In The Zone
ineteen Ninety-Nine was a banner year for the record industry: teen pop, pop-punk, and rap-rock were ruling the charts, and the new superstars of these genres energized young record buyers to break sales records like so many piggy banks. How quickly things change. The industry is in a sales "slump," for which online filesharing has taken the blame. However, the labels readily ignore the fact that their meticulous engineered chart conquistadors are tapering off as trends change and fans grow older. Nevertheless, Britney Spears, easily the biggest new star of that year, continues to chug on, in spite of the "disappointment" of selling a paltry 4 million copies of her eponymous third album.
Britney's career ignited with a saucy Catholic schoolgirl outfit, a perfect emblem of the marketing strategy behind her success. Through careful management, Britney tiptoed along the line of virginal teen role model and nubile pedophilic fantasy, creating a tension which fueled a hype that sold millions upon millions (52 worldwide to be exact) of records. "How sexual is she?" everyone wanted to know, and her handlers kept everyone wondering by steadily ratcheting up the titilation with every lead-off single: the suggestive "Baby One More Time," the blatant tease of "Oops... I Did it Again," and the flagrant raunch of "I'm a Slave 4 U," which should have put such speculation to rest. Even as Britney writhed over Pharrell's slinky synths, the obsession burned, fueled by incongrously sentimental ballads, constant appeals to virginity, and an ostensibly chaste relationship with (then) squeaky clean popster Justin Timberlake. The last single off of Britney formally declared her ambiguity: she was not a girl, but not yet a woman. She could be whichever you wanted her to be, but what got your juices flowing was that she could easily be the opposite -- or both.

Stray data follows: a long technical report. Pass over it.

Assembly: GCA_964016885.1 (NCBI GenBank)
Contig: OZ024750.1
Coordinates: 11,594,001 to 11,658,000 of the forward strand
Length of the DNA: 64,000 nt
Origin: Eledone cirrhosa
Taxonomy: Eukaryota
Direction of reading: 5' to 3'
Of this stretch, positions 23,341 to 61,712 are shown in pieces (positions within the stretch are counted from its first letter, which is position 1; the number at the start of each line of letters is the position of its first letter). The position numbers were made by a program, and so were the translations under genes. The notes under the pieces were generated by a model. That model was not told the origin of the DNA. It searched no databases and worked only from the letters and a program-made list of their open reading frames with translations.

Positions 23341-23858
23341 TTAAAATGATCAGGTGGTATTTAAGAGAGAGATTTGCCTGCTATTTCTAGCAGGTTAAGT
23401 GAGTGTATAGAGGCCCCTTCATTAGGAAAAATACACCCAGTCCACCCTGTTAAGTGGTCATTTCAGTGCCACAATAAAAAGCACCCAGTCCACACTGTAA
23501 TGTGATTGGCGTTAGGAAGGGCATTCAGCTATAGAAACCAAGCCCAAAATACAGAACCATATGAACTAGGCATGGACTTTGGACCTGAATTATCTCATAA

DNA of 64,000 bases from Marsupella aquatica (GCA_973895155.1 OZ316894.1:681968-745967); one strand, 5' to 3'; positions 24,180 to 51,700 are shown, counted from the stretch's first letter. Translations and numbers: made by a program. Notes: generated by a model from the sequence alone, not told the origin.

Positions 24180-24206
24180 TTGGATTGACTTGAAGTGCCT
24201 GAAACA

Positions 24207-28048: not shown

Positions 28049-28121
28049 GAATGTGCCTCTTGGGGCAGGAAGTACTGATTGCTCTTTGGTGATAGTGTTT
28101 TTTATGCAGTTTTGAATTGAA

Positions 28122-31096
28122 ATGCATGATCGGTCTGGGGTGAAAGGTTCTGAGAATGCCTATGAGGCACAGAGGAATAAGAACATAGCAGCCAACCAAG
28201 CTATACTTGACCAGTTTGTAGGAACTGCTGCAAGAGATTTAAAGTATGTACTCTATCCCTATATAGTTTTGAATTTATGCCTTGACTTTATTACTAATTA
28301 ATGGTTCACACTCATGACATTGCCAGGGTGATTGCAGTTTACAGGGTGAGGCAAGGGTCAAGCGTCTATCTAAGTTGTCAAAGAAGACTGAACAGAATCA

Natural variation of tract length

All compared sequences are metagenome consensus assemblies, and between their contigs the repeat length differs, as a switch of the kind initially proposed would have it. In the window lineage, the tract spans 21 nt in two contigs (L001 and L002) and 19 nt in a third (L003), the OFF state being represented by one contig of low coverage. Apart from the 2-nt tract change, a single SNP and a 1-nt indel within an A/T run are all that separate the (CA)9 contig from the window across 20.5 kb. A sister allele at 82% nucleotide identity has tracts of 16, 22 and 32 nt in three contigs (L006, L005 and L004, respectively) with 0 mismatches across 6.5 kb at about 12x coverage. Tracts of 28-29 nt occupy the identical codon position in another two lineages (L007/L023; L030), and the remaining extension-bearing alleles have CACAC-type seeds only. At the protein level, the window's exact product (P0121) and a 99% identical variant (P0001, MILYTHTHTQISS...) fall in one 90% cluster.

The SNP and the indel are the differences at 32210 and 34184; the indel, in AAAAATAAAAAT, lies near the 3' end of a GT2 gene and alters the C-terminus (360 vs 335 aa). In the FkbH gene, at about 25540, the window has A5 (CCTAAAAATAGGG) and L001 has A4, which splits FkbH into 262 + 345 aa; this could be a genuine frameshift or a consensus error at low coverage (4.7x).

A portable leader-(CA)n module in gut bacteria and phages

Things started to fall apart when it became patently obvious that Britney was indeed a woman, having been deflowered by Mr. Timberlake (who moved from heart-throb to sex symbol with enviable ease), as well as heavily rumored encounters with Fred Durst, Colin Farrell, and even her choreographer, Wade Robson. Justin took more than her virginity; he took away the mystique that kept her celebrity intact. Team Britney took a time out to get a gameplan together in order to keep the investment in Britney's success a worthwhile venture. Their new strategy is a rather simple one: abandon all ambiguity for a full-out sexually charged assault while padding the music with the hottest trends in pop today. Britney's success still rests on a marketing sleight-of-hand, but instead of billing sexy as virginal, her team has come up with something far less compelling. Her "transformation" into a sexpot claims to be transgressive (and therefore worthy of attention), but is in fact the obvious final step in the manufacturing of her image, and therefore totally conservative. And the host of collaborators similarly plays it safe, throwing whatever was hot in 2003 against the wall and seeing what sticks. In The Zone comes across as limp and lifeless, drained by what could be Britney's handlers' first major mistake.